Faro hospital nurses protest over job uncertainty .jpg

Faro hospital nurses protest over job uncertainty

NURSES AT Faro Hospital were due to stage a protest on September 6 in order to pressurise the government into offering them increased stability with regards to their employment. Currently, it has been reported that around 150 nurses at the hospital are being offered successive three-month work contracts  The nurses are requesting that permanent contracts be created. In some cases, this temporary employment contract situation has been ongoing for four years. According to the head of the Faro branch for the Portuguese nurses’ union, Celso Silva, close to half of the health professionals in this area, contracted by Faro Hospital, have been working there for more than three years.

The union organised the protest, following a recent dinner, which brought the nurses concerned together. The dinner served as an opportunity for them to discuss the issue of their successive three month contracts and to decide upon future action. It was at the dinner, which was attended by around 50 nurses, that the date for the protest was decided. The group planned to congregate at the doors to the hospital in order to demonstrate to the outside world that the problem exists.

For the union, the working situation being experienced by these nurses is unacceptable and warns that everything has a limit.The nurses are not prepared to wait any longer — the protest was the first sign that the patience of the nurses is running out.

According to Celso Silva, the Minister for Health subscribed on behalf of Portugal to various European Union health conventions and gave interviews to the press in which he stated that there is a lack of health professionals and that they need to be employed in a more stable way, but, in practice, this has not materialised.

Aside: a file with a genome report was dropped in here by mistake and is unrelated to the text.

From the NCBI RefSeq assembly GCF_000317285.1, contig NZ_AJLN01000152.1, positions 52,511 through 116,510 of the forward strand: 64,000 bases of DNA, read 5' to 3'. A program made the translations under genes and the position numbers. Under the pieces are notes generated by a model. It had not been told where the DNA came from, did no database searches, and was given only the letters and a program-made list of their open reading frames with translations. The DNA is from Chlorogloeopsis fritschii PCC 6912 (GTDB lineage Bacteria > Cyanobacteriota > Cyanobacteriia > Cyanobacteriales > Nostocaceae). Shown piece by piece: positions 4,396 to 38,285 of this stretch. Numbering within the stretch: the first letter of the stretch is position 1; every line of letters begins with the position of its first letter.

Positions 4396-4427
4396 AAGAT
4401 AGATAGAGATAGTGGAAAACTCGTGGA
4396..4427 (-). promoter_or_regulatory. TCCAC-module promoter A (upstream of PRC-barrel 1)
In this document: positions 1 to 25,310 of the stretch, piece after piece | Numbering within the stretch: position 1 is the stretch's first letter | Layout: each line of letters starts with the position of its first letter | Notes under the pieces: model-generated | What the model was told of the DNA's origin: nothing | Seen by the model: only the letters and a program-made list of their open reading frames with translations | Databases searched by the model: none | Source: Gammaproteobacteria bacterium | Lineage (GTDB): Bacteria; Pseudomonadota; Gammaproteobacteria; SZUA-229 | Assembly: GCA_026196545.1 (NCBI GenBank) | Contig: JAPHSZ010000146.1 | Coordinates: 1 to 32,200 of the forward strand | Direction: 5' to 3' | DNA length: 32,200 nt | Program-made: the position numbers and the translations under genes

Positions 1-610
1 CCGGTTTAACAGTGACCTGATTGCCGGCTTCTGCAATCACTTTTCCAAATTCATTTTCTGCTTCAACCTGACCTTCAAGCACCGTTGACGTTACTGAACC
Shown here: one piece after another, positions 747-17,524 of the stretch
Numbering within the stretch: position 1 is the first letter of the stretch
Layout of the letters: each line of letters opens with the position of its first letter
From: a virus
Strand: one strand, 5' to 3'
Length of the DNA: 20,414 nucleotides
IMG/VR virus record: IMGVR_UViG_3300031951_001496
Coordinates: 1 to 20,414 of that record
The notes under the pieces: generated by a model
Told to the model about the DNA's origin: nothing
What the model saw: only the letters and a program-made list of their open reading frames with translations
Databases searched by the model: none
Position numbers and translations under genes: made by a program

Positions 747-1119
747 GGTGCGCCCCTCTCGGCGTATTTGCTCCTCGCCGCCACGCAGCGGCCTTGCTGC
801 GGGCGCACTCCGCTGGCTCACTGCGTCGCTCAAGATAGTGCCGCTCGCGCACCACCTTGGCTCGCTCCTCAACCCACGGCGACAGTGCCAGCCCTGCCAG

The Resident’s Caroline Cunha contacted the administration of Faro Hospital to find out what it had to say about the protest: “Faro Hospital declares that it has always shown concern for the problems of its nurses and, in line with this attitude, met in May of this year with the nurses’ union, to discuss their discontentment and demonstrated its availability to try to solve the situation together. Currently, the situation is being analysed and the administration has sent various letters requesting the opinions of other entities which are involved in employment matters. The administration is currently waiting for a response to these requests and will communicate with the union as soon as any information is available.”

The Resident also attempted to contact Rui Lourenço, president of the regional health authority who, unfortunately at the time of going to press, was unavailable for comment.